Personal Effects: a History of Possession, is a work, now in process, that has grown out of an engagement with the personal effects of past patients from The Richmond Asylum – later known as St Brendans Hospital, – in Grangegorman, not far from the heart of Ireland’s capital city, Dublin. Given the provenance of these personal possessions the title should also be read to include the meaning of the effects of institutional care upon the person.
The trove of personal posessions, or effects, was discovered during the retrieval of the institution’s bound archival records from the attic of a disused hospital building. That discovery coincided with the making of a film documentary, Behind the Walls, by the late Mary Raftery, which explored the history of Ireland’s mental hospitals in the 20th century. It was by means of this documentary, first broadcast in 2011, that I learned of the existence of these personal posessions and, deeply moved by their discovery, why I set out to successfully locate them.
For the past two and a half years I have, alongside members of the Grangegorman Community Museum and under the guidance of the National Archives, sorted through the mountains of loose paper records that were also retrieved in the hospital’s attics. In the process I have made a selection of memorabilia, correspondence and documents for which I have received permission from the Health Service Executive to develop a response both as an artist and as a citizen.
Some of these posessions have been used to create a work of art that has at its core the histories of anonymous persons who lived, and were cared for, within the institution of the hospital. Given their context these possessions are charged objects yet with little of the strange to be found among them. They are of the everyday, suggestive of inner lives no less rich nor remarkable than our own and revelatory of stories as much about ourselves as about their owners.
These possessions offer a remarkable trove of material for social research and artistic engagement and provide a rare opportunity for honest and truthful exploration of the complex nature of human being. The art installation, Personal Effects: a History of Possession, has been created in response not only to the possessions discovered within the hospital complex but also to their possessors who were in turn possessed by the institution for the duration of their care. The work also responds to the official archival records of the Richmond Asylum, (St Brendan’s Hospital) and to the history of institutional care for the mentally ill in Ireland as a whole. It is a goal of the work to allow an imagination of life – both within and without the institutions – as “others” might have experienced it. It is in our ability to imagine lives other than our own that our compassion, or lack of it, is rooted. A great cultural richness is to be found within this material that might tell us much about ourselves and about our society.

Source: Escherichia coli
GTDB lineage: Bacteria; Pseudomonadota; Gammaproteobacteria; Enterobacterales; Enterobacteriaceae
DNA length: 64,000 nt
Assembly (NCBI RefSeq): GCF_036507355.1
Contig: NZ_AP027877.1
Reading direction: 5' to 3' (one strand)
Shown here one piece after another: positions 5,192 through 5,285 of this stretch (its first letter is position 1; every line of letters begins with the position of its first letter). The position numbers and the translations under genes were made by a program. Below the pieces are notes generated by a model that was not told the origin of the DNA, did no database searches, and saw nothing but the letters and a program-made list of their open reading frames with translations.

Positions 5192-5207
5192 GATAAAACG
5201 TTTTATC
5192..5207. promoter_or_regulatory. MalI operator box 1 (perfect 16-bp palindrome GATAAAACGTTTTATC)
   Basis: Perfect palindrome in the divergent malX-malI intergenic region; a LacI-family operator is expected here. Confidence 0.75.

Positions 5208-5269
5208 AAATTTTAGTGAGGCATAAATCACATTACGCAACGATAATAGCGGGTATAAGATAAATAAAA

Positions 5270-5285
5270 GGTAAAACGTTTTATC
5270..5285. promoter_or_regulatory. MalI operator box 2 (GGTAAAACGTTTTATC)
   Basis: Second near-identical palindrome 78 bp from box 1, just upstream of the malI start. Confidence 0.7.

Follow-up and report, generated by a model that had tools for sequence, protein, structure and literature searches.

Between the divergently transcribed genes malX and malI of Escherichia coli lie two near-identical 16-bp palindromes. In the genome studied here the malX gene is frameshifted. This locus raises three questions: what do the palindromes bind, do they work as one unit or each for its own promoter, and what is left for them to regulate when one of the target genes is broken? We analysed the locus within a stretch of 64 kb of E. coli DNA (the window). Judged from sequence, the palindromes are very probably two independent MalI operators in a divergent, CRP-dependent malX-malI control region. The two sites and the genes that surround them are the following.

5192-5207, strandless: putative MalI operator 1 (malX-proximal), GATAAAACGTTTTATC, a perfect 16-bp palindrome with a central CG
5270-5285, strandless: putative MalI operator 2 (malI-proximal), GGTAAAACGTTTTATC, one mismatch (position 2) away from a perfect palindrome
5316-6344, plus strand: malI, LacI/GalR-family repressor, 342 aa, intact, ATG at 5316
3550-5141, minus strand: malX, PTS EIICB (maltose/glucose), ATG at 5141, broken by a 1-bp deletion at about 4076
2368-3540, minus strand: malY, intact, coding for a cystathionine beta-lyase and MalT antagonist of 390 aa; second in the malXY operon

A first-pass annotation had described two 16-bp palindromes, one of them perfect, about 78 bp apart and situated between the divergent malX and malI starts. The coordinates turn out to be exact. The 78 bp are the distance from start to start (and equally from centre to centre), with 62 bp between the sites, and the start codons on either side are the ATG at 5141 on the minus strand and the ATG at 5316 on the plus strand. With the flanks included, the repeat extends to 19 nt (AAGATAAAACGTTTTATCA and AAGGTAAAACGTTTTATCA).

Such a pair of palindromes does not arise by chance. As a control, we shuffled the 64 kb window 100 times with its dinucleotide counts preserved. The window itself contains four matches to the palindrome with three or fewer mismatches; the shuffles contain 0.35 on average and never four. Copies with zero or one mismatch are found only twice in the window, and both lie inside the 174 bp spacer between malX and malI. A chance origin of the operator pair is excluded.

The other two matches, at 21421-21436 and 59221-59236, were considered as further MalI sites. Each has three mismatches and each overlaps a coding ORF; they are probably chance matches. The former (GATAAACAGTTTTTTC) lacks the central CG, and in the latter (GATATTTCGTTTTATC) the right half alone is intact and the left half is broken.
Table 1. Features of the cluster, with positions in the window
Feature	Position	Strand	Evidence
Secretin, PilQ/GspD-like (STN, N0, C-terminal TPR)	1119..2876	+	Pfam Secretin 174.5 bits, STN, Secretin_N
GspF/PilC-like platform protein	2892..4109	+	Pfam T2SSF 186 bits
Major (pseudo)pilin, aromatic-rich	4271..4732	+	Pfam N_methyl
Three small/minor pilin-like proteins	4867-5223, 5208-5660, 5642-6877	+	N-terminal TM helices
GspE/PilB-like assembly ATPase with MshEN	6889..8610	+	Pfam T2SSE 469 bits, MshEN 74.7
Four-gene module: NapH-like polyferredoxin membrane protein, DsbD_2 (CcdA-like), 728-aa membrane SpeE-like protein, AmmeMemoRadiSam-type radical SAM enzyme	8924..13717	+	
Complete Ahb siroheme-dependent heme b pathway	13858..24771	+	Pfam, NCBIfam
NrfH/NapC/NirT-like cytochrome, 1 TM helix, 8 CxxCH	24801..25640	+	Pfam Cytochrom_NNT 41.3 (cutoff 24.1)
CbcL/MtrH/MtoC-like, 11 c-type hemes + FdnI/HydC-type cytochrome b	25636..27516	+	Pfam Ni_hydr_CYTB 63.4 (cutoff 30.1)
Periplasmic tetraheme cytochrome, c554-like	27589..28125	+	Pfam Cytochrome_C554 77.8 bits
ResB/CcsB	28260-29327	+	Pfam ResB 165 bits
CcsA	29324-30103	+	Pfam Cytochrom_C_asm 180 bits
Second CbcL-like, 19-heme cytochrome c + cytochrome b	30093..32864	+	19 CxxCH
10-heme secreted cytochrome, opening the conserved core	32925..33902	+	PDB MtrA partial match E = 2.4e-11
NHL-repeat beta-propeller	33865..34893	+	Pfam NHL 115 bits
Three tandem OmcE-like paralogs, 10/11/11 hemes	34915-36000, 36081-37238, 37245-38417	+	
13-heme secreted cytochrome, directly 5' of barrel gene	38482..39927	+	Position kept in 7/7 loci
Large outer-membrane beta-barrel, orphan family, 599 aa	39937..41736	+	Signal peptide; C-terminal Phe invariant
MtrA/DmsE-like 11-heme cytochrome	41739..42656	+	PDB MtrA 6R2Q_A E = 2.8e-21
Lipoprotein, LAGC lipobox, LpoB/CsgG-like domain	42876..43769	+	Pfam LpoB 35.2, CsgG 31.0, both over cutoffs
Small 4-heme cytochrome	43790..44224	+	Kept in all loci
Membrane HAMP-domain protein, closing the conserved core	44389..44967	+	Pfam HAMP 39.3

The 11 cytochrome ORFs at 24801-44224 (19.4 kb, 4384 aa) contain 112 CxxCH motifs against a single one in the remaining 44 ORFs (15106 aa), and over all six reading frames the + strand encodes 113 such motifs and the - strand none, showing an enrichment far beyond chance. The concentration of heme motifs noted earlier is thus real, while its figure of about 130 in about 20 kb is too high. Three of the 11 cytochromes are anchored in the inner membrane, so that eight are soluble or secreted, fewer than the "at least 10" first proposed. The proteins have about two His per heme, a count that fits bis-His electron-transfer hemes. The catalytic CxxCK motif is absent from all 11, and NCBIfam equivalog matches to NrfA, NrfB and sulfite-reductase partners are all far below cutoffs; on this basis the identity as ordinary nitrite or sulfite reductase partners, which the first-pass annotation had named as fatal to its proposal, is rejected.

There have been three exhibitions of the installation in Dublin during 2014. The first took place in The Long Stores of Grangegorman Mental Hospital during Phizzfest, 2014. In June the work was shown in Culture Box, Temple Bar and in August it was installed in the theatre of the Axis Centre, Ballymun. A radio documentary is presently in development for the DOConOne series with the national broadcast station, RTE. Further details in Posts on this website.